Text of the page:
November 30, 2021
Crustaceans (Crustacea) are a sub-phylum of Arthropods. These are animals whose bodies are coated with a chitinoprotein exoskeleton called an exocuticle and often impregnated with calcium carbonate. This form of shell is more or less rigid, except in certain areas which remain flexible and allow the articulation of the different parts of the body as well as the appendages and allow movement. This cuticle (not to be confused with the shell, see below) constitutes a poorly extensible external skeleton which necessitates the use of molts to achieve linear growth. Their study is called carcinology, not to be confused with the medical meaning also given to this word, then synonymous with oncology. Formerly the term crustaceanology was also used.
Crustaceans form a vast collection of more than 50,000 species whose shapes are as diverse as that of a barnacle, a copepod, a woodlouse or a lobster and whose sizes vary from the millimeter scale of small planktonic forms such as copepods to those of the largest terrestrial arthropod, the coconut crab (almost 1 m extended legs) or that of the largest living arthropod, the giant spider crab of Japan (almost 4 m wingspan). In the series of records, we must also mention the Antarctic krill, the species of which probably represents the highest animal biomass on the planet (500 million tonnes, approximate value).
Most species are aquatic (marine or freshwater), some lead a life partially or totally terrestrial (woodlice, isopods, for example for the latter case). There are many parasitic species in their ranks, the morphology of which is sometimes very confusing.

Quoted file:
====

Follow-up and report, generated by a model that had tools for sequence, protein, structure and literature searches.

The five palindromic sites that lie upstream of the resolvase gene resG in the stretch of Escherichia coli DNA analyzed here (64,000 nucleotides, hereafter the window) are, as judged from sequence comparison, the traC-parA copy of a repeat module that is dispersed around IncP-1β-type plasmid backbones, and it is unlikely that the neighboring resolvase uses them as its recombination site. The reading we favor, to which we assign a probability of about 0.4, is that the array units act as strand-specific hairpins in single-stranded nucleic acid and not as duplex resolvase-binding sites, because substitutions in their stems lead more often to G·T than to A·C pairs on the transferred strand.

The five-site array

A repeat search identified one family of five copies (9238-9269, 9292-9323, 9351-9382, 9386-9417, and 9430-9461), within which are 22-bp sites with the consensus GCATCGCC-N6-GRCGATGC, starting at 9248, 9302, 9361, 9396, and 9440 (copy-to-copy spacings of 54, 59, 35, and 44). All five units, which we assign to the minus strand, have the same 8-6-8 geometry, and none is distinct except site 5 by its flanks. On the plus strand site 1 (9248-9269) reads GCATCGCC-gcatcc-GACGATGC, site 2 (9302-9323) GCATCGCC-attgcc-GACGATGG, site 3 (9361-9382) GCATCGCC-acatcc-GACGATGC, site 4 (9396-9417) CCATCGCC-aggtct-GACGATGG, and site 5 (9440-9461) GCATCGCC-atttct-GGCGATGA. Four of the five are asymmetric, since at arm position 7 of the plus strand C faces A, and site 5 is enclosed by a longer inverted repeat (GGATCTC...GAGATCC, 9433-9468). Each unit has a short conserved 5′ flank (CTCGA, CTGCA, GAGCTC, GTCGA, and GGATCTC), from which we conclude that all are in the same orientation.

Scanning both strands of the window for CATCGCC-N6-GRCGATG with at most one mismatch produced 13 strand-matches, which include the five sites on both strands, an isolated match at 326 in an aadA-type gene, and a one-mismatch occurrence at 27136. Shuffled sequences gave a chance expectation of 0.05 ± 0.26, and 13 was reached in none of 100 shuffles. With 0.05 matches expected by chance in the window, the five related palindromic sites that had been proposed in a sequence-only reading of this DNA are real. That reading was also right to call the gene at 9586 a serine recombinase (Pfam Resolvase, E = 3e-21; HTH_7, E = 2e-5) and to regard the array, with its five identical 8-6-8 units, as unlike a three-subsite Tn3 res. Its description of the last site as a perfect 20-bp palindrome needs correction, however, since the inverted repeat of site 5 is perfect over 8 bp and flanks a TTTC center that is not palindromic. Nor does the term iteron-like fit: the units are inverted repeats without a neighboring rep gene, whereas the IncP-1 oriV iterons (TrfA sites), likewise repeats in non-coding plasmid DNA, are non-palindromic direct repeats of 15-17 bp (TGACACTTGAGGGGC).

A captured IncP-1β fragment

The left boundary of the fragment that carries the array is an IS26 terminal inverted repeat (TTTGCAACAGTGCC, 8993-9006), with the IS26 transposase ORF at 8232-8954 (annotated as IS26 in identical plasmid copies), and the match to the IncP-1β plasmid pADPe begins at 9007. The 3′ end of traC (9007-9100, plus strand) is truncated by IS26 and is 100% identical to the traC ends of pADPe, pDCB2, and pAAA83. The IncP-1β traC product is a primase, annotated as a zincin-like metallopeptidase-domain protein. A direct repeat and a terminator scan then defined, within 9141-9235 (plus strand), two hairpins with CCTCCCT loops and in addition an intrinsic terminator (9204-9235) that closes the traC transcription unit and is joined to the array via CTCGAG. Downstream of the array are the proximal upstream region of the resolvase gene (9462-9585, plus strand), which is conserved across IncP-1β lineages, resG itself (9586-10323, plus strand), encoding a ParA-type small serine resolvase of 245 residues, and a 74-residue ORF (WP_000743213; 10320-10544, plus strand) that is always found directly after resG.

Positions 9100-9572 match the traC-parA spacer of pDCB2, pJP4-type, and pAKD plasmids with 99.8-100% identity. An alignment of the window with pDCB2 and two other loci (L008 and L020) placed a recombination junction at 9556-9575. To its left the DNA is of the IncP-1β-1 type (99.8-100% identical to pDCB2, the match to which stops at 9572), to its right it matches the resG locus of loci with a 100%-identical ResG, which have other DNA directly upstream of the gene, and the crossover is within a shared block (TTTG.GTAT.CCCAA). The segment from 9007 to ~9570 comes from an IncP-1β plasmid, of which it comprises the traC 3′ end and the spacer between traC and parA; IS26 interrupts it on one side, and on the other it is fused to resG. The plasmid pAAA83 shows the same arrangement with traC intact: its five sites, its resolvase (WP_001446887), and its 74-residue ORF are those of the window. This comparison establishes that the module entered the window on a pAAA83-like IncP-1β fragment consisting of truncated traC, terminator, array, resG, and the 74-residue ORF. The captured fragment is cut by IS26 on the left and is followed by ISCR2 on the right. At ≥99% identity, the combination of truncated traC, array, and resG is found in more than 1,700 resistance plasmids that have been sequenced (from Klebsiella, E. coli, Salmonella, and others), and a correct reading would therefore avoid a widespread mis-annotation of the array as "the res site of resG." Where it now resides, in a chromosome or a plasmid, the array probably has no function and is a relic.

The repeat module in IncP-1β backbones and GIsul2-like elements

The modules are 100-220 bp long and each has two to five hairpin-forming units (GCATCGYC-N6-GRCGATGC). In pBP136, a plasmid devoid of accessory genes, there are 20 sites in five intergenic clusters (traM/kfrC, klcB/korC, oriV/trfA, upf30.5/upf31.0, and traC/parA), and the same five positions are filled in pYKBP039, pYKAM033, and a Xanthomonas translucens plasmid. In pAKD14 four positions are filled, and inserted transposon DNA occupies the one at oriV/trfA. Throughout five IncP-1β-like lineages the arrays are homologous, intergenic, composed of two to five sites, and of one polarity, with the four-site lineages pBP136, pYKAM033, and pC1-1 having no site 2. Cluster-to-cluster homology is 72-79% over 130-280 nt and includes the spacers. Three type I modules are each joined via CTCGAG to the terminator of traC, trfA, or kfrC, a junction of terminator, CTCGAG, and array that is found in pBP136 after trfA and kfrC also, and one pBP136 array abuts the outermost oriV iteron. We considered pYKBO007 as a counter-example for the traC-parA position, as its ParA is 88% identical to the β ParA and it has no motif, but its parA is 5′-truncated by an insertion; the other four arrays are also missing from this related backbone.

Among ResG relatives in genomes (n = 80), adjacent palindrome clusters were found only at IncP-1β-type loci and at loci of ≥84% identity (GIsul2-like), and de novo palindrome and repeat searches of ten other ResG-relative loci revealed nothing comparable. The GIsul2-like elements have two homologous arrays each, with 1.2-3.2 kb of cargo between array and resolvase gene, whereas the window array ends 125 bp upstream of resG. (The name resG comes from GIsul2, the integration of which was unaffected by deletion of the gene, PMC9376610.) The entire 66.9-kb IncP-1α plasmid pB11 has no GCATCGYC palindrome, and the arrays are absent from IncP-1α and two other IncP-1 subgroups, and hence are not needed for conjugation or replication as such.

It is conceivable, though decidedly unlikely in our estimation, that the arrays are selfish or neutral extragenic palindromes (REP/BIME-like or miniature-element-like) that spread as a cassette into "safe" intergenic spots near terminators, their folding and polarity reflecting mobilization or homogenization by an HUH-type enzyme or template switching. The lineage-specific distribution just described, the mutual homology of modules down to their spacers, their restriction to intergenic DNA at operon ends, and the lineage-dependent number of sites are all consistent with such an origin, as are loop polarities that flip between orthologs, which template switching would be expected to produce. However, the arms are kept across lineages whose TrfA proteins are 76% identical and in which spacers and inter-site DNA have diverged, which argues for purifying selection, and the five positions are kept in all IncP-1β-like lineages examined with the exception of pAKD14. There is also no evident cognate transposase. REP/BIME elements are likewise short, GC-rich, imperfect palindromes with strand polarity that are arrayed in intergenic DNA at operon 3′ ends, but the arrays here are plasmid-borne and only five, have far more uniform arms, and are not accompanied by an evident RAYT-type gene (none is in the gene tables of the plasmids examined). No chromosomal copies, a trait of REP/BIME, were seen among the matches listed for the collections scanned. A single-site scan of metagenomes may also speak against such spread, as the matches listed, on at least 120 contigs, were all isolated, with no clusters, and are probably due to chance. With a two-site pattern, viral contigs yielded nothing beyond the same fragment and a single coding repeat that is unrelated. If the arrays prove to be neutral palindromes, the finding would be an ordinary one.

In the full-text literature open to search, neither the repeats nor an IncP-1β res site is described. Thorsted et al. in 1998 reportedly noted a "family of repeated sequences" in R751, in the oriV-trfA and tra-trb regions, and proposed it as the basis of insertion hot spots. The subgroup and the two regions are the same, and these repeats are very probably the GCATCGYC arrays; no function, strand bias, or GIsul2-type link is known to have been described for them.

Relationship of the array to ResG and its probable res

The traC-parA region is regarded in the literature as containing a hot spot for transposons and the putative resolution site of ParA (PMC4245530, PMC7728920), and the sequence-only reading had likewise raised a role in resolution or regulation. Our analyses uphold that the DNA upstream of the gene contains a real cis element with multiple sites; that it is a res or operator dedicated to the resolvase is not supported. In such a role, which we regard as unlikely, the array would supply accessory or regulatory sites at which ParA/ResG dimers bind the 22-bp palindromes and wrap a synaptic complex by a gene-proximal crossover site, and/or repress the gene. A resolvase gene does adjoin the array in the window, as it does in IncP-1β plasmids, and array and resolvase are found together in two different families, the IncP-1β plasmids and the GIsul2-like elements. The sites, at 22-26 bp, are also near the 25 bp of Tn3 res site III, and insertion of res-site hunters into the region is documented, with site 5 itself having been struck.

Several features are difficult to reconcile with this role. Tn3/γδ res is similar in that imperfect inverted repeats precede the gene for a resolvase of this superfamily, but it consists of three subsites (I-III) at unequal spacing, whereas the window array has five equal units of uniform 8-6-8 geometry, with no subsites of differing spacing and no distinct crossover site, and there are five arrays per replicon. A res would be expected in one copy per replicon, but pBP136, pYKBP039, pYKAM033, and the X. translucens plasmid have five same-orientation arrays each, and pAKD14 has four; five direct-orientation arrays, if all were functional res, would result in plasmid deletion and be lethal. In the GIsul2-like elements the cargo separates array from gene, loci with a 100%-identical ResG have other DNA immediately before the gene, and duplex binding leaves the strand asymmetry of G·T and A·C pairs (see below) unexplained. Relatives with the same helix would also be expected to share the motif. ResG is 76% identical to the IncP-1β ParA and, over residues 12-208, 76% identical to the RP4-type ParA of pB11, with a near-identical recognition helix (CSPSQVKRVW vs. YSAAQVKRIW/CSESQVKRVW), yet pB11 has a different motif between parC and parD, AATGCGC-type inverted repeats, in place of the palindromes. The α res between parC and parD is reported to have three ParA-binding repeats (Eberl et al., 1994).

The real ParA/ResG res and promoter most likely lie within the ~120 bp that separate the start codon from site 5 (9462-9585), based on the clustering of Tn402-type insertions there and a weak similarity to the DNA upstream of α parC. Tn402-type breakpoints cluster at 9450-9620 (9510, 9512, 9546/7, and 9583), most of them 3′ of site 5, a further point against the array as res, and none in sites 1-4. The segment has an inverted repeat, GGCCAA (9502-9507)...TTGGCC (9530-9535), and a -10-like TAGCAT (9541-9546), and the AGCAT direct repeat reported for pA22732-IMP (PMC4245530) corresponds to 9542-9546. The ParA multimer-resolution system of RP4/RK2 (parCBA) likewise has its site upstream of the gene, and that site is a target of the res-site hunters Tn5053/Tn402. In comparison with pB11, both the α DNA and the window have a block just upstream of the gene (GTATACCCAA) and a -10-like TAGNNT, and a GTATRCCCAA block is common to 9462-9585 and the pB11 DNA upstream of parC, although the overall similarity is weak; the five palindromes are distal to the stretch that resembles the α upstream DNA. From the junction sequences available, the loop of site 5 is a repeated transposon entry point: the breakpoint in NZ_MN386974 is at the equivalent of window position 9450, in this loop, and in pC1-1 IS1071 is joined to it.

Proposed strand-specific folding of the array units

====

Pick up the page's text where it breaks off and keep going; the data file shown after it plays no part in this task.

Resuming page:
The terminology relating to Crustaceans is quite complicated and certain terms have different meanings according to the taxa, the authors or the times.
The body of Crustaceans is essentially made up of repeating elements, the metamers, somites or segments, in front and behind which we find respectively the acron and the telon (or "anal segment"), which are generally not considered. as genuine metamers. The metamers themselves are associated into functional units which make up the different body parts or tagmas. From front to back these tags are:
The head or cephalon
The thorax or perion
The abdomen or pleon. Each somite usually has a pair of appendages.
They perform various functions (of locomotion - swimming or walking, of food capture, perception of the environment, respiration, mating, etc.) which determine extremely varied morphological adaptations despite which we can find there constant structural elements.
They consist of a base of two articles: the coxa ("hip"), or coxopodite, inserted laterally or ventrally on the body to which follows the basis or basipodite on which are articulated two oars, one external or exopodite, composed of an indeterminate number of articles, the other internal or endopodite typically composed of 5 articles: ischiopodite, meropodite carpopodite, propodite and terminal dactylopodite.
These appendages may also bear expansions: on the external side, the exites or epipodites and on the internal side, the endites. The latter constitute in particular the gnathobases, masticatory parts of the oral appendages. The two articles of the base constitute the protopodite of the appendix. We sometimes include an article proximal to the first two: the precoxa which would have been more or less completely incorporated into the wall of the body.
The head or cephalon
(from ancient Greek κεφαλ